Can installing larger tires really improve a trucks performance?...

Discussion in 'Performance & Fuel' started by BigBill, Feb 15, 2011.

  1. BigBill

    BigBill New Member

    OK, so this past weekend, after installing the 285's on my 2002 Z71 4x4 I ran the truck up to Reno and back (round trip 199 miles) and ended up putting 10.7 gallons in it when I got back to top it off. That averages out to 18.59 mpg. The drive to Reno has a lot more hills and turns and braking than the drive to LA, (before I put on the bigger tires I ran an average of 18.6 mpg to LA) so i'm figuring that I may have actually improved my mpg by putting these larger tires on. Also, and many of you may think I'm way off here but I SWEAR to this, my truck handles BETTER after turning up the torsion bars. It take the mtn roads better and my power band also changed. Where I was lagging and my truck was up and down shifting randomly at around 60 to 65 mph (around 2000 rpm), it now runs at 72 mph at 2000 rpm and when I step on it it seems to downshift faster and pull better. Can putting larger tires on and cranking up the torsion bars really do ALL that at once? It feels like a different truck...a BETTER truck.
    Last edited: Feb 15, 2011
  2. racekid91

    racekid91 Rockstar 3 Years 100 Posts

    For better MPG, it's going to take more power to turn over 285's. It's a larger tire, it takes more effort to turn them over. How are you figuring out your MPG?

    And for the torsion bars, did you crank a lot?
  3. phoebeisis

    phoebeisis Epic Member 5+ Years 1000 Posts

    Usually wider tires hurt FE.
    Taller tires COULD IN THEORY improve FE, by lowering RPMs, but usually it is a wash-the taller tire lowers the RPMs, but it increases aero drag, so it evens out.
    Wider tires-same tread- always should decrease FE-increased Rolling resistance and increased aero drag.
    Maybe the thread are lower RR or maybe you have more pressure in them, or maybe you caught favorable winds.
    Out west the wind is a BIG deal in respect to FE.
    Either way 18 mpg is pretty decent for a 4x4 in a hillly area.
  4. mfleetwood

    mfleetwood Epic Member 5+ Years ROTM Winner 5000 Posts

    Not sure what size your previous tires were, but when I went from 265s to 285s, it also had an effect on my speedometer...which in turn threw off the odometer. If I remember correctly, at 60mph, it was reading 57mph...this will give you the illusion of increased mileage since your truck thinks you are going further on a tankful of gas than you actually are.
  5. racekid91

    racekid91 Rockstar 3 Years 100 Posts

    x2 on what I was thinking.
  6. phoebeisis

    phoebeisis Epic Member 5+ Years 1000 Posts

    Usually bigger tires give the illusion of DECREASED MPG.
    You odometer says you went 57 miles, but you actually went 60 miles. You'll figure you traveled 228 miles when you actually went 240 miles(for example)
    You will divide the 10 gallons into 228 miles and get 22.8 mpg- when you actually got 240/10= 24 mpg.
    Your odometer reads wheel turns, or transmission exit shaft turns or driveshaft turns or whatever.It doesn't know you have a 33.5" tire instead of the 32" that came stock(just a guess the 285 might be even taller).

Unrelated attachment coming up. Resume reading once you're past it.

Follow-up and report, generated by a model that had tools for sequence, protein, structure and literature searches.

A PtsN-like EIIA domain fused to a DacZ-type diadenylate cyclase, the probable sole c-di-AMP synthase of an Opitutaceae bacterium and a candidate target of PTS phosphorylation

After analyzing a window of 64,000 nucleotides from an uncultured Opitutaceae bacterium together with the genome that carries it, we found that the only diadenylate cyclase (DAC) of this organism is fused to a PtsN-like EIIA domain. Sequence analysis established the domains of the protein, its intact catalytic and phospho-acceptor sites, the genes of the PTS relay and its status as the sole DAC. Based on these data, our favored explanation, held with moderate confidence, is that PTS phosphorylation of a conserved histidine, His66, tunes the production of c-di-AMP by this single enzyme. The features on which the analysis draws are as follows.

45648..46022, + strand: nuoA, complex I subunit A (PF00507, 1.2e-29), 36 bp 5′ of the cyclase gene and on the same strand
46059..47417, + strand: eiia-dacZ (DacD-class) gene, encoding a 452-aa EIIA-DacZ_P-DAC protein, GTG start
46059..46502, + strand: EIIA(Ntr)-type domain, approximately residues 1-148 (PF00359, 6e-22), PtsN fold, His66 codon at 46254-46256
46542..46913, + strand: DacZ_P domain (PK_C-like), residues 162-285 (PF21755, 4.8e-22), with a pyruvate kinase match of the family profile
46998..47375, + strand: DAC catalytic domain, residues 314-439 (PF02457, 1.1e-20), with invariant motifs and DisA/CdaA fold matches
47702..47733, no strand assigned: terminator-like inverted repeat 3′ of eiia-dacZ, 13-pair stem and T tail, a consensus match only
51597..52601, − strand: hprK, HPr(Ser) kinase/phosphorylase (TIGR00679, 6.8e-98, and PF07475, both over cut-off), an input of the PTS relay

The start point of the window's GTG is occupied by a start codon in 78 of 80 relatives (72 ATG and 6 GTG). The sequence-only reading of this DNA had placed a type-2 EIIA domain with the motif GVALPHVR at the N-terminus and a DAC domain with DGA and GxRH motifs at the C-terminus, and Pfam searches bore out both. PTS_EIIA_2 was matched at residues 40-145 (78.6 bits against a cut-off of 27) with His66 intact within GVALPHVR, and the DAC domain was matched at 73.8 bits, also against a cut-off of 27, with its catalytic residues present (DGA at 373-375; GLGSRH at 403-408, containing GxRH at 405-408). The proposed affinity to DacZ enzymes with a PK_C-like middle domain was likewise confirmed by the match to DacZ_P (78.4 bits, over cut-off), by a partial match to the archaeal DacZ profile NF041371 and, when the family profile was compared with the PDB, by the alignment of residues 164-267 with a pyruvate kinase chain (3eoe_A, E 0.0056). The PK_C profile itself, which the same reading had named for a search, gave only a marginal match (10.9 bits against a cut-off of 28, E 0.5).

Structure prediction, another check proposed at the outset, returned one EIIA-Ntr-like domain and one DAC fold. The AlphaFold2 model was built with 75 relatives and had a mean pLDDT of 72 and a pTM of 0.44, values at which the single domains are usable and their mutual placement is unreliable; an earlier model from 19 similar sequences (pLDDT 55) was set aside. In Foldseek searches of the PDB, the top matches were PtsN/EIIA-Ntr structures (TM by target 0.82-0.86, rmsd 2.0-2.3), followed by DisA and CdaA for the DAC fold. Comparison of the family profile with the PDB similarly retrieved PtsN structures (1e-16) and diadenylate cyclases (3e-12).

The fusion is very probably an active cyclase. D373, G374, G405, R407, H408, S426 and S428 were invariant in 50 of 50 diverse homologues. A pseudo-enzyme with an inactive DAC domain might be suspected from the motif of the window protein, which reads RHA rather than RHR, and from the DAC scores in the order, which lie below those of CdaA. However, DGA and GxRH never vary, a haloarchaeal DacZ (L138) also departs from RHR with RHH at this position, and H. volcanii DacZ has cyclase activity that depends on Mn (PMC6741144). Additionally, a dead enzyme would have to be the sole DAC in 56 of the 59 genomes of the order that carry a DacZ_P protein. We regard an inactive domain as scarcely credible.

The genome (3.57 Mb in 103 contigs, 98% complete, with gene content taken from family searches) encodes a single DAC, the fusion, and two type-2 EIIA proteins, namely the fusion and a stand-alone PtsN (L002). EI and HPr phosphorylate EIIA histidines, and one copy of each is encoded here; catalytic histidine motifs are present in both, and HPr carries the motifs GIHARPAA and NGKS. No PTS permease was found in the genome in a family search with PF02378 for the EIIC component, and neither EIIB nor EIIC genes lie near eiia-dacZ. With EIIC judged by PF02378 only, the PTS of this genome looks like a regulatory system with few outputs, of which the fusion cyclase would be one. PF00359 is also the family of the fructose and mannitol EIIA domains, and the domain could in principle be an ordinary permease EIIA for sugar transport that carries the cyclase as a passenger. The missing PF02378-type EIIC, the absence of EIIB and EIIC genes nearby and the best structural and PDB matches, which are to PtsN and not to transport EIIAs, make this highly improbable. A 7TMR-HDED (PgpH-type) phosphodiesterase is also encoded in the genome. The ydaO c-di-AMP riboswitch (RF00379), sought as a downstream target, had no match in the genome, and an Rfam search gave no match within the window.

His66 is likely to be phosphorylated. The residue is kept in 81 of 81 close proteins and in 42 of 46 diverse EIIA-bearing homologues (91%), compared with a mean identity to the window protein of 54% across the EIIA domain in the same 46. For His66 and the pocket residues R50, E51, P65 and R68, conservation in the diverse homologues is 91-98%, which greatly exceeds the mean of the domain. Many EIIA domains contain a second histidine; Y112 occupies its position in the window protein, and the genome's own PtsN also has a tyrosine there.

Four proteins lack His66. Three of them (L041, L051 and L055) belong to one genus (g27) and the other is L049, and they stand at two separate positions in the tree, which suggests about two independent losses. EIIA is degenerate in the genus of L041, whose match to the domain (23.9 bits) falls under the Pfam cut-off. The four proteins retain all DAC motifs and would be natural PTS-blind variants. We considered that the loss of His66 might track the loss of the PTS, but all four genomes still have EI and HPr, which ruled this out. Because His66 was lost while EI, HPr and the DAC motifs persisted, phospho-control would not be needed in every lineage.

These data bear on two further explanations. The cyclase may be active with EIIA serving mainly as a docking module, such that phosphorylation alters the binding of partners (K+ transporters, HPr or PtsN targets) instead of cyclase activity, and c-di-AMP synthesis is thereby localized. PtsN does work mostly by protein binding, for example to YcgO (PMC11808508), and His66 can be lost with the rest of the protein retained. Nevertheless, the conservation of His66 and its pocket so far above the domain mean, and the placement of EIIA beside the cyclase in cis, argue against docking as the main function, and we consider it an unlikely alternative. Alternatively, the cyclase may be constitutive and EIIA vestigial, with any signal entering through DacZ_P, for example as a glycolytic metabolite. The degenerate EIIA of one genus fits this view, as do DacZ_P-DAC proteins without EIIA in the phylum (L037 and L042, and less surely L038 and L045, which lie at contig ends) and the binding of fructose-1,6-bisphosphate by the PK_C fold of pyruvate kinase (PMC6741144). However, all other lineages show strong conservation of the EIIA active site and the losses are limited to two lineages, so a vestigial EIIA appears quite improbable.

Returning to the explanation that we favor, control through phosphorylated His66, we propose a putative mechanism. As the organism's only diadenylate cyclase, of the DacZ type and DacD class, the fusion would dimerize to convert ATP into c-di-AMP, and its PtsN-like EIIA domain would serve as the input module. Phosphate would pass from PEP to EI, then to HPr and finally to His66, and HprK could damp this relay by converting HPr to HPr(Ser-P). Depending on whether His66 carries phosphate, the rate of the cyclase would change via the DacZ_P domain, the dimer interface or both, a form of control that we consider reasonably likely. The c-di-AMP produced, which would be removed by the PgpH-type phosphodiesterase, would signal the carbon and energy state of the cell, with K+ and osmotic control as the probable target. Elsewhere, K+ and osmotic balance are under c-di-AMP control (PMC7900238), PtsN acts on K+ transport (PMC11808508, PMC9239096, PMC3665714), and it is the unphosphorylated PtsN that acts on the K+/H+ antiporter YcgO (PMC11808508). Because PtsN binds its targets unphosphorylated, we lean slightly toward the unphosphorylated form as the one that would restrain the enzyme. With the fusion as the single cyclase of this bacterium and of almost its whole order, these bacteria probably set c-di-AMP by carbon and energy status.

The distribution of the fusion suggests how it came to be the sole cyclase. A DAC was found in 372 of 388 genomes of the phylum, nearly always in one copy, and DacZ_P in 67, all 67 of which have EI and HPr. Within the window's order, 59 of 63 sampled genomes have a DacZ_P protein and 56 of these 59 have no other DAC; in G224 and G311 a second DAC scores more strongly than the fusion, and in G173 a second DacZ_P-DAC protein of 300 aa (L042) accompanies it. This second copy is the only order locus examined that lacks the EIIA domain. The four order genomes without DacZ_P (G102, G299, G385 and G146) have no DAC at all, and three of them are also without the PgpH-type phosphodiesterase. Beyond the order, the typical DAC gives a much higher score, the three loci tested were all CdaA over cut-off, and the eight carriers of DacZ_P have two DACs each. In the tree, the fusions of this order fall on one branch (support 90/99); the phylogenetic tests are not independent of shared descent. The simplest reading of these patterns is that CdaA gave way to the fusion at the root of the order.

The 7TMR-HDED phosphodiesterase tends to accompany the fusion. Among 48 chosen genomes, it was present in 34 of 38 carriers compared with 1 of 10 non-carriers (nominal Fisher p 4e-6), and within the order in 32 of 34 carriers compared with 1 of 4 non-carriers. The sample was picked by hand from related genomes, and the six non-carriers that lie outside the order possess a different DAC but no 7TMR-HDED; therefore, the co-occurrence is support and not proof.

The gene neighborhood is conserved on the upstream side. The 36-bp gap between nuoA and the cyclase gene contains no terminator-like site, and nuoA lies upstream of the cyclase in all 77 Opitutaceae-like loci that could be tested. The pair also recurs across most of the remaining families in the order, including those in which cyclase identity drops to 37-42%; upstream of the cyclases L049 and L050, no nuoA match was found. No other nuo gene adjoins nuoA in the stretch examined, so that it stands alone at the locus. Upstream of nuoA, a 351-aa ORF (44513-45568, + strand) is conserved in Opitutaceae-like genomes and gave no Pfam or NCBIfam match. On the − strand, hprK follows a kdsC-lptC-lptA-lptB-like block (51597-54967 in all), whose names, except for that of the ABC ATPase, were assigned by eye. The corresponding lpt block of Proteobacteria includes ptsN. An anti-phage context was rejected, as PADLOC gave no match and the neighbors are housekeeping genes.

With bigger tires you are actually going father and faster each wheel turn, but your "COMPUTER " doesn't know that.
  7. stephan

    stephan Rockstar 4 Years 5000 Posts

    You wrote this right for going to bigger tires, but it is the opposite effect of what you explained Mikey. With taller tires it doesn't put as many miles on the odometer as what you've actually traveled (just as you stated), so it would show worse mpg than what you're actually getting.

    Big Bill, Cranking your T bars up has made the suspension stiffer & is why your truck handles & corners so much better now. I think this was a win-win for you :)
  8. 1flyfisher

    1flyfisher Rockstar 4 Years 100 Posts

    If vehicle MPG's could be improved by simply putting bigger tires on. Gm would have done that. The best tire size for your vehicle for best mpg's is the size the manufacturer puts on the vehicle.

    As stated above. Changing tire size caused your speedometer to be inaccurate.

    IF your stock tire size was 265/70/17 and you went to 285/70/17 your speedometer would be off 3.490% too slow. If you were actually going 60 mph your speedometer would read 57.9 mph.
    Last edited: Feb 15, 2011
  9. mfleetwood

    mfleetwood Epic Member 5+ Years ROTM Winner 5000 Posts


    Yeah, guys are bad. I knew it was something like that. However, I forgot to mention that I spent the majority of my time on ice driving uphill, thus my tires were spinning faster than I was going. I guess I left that critical piece of information out. :rofl:
  10. BigBill

    BigBill New Member

    Then DAMN I was going WAY too fast! I was figuring I was going around 72 mph to 75 mph the whole wonder everyone was going so dang slow. OK, so if my speedo was reading 72 mph I was roughly going approx 75 mph. So, if I was going 75 to 79 mph the whole trip and traveled 200 miles according to the ODO (which is actually approx 207 miles) then dang, this truck isn't doing too bad.

    As far as the wind, it typically blows from the south most of the trip which would have hit me on the passenger side on the way up and drivers side on the way down...except for over Donner Pass where it's a headwind when your going down the slope on the way up to Reno and when you're pulling the slope back to California you don't get any wind except from the south again (the two directions of the highway are divided by a mountainside). My point is that the wind isn't favorable for driving the majority of the time.

    I'll need to check around town mileage in another 100 miles to get an average. I'll repost the results here...

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